According to the semi-official Afghanistan Independent Human Rights Commission, Taliban fighters invaded homes looking for people who worked with the government last month after seizing Malistan in the southern Ghazni region. They killed at least 27 civilians and wounded 10 others, looting houses, and wounding ten more.

Two alleged thieves were paraded through the streets by Taliban fighters after capturing Herat. They were wearing black makeup. This is considered a warning and repeat offenders could be subject to severe punishment. As per their strict interpretation of Islamic law, the Taliban are known to execute public executions and stone suspected adulterers.

During their earlier rule, the Taliban barred women from working outside the home or attending school. The burqa was required for women and they had to be accompanied outside by a male relative.

The Taliban leadership claims it is now open to women's education. However, rights groups claim that the rules are subject to change depending on the local commanders and communities. Afghanistan is still a conservative country, particularly outside of major cities.

Human Rights Watch, based in New York, stated that "the gap between official Taliban statements regarding rights and the restrictive positions taken by Taliban officials on ground indicates that the Taliban have far from an internal consensus about their own policies." In a report last year, the New York-based Human Rights Watch noted.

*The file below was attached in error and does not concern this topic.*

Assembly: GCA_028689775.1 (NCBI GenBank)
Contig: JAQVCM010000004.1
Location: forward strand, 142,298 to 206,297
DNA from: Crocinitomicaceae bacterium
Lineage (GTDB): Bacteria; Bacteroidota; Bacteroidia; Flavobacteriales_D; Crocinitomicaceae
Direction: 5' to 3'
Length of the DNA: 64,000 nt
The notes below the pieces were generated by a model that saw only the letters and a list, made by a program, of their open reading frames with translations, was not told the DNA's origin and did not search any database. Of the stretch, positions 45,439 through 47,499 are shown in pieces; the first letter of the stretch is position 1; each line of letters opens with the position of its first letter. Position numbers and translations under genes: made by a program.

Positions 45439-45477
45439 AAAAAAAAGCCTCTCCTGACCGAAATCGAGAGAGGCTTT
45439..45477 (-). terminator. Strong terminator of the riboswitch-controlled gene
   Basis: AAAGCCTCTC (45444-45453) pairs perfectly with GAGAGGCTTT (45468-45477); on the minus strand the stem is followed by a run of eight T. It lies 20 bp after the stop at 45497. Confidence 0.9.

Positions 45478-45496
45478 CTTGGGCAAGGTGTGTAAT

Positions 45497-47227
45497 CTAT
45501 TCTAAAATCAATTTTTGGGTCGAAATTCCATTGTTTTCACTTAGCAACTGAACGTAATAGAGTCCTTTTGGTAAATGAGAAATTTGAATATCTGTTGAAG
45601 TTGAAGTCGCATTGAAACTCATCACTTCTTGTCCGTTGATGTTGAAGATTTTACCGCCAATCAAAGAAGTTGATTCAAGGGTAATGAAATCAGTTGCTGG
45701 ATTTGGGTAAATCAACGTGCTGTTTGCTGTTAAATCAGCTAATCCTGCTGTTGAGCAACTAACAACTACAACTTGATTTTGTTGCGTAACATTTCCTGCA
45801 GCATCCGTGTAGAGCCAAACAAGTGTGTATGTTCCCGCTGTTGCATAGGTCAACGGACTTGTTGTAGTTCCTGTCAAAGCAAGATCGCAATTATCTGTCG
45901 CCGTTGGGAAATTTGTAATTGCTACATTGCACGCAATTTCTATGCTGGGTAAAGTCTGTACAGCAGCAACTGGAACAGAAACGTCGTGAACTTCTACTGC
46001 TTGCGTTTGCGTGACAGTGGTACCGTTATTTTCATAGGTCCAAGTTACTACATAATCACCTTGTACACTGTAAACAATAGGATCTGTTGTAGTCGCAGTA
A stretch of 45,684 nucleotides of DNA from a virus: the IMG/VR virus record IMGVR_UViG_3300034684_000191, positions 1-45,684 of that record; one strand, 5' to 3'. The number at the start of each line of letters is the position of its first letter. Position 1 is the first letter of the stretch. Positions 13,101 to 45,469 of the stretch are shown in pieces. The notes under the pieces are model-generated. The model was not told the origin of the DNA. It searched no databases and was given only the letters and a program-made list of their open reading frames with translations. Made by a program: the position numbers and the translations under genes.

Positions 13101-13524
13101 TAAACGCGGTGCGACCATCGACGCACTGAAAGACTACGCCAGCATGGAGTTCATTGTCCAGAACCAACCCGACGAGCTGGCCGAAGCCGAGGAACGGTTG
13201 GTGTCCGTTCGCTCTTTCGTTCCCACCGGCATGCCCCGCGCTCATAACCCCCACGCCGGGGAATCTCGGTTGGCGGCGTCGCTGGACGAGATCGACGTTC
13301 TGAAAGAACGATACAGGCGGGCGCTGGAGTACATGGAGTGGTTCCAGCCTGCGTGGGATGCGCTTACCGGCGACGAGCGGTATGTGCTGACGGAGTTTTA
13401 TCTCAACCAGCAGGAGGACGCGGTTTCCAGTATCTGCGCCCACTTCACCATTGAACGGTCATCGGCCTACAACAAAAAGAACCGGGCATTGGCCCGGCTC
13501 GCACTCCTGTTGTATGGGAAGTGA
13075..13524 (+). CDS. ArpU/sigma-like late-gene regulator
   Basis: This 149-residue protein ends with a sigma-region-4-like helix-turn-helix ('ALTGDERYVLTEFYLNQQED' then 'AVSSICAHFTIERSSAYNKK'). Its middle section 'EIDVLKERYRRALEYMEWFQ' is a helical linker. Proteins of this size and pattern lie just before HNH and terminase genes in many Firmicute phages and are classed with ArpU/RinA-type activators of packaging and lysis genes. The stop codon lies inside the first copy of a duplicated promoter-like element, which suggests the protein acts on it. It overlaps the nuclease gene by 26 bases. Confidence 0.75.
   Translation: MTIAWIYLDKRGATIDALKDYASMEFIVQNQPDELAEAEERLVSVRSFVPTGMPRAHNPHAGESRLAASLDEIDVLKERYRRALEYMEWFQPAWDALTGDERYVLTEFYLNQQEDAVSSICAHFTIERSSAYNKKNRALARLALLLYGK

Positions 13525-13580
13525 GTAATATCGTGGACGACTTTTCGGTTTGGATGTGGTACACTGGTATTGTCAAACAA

They seem to agree on one issue: intolerance of dissent.

Human Rights Watch claims that the Taliban regularly threaten and detain journalists, especially women and journalists who criticize the group. The Taliban and the government blamed each other for a recent string of killings of journalists, some of which were claimed by the more radical Islamic State group.

On Friday, the Taliban took control of a radio station located in Kandahar's southern city and renamed the station the Voice of Sharia. It is unclear if the Taliban expelled the employees of the station or allowed them to return. The station will not broadcast music because it is prohibited in Taliban-run areas.

A radio station offering women's programming was also shut down by the Taliban in southern Helmand. However, insurgents claimed it was a temporary move.

Fear is high among ethnic Hazara, Shiite Muslims from Shiite Islam who have been persecuted and made significant gains in education over the past 20 years. They could be seen as being deeply invested in the Western-backed government which could lead to reprisals.

Recent years have seen a series of horrendous attacks on Hazaras by Sunni extremists from the local IS affiliate. An attack on a maternity ward last year killed 24 people, including mothers and their newborn babies.

The Taliban condemned the attacks and have engaged in turf wars against IS. It remains to be seen if the Taliban will clamp down on these groups once they are in power. These groups share their ideology and include ex-Taliban fighters.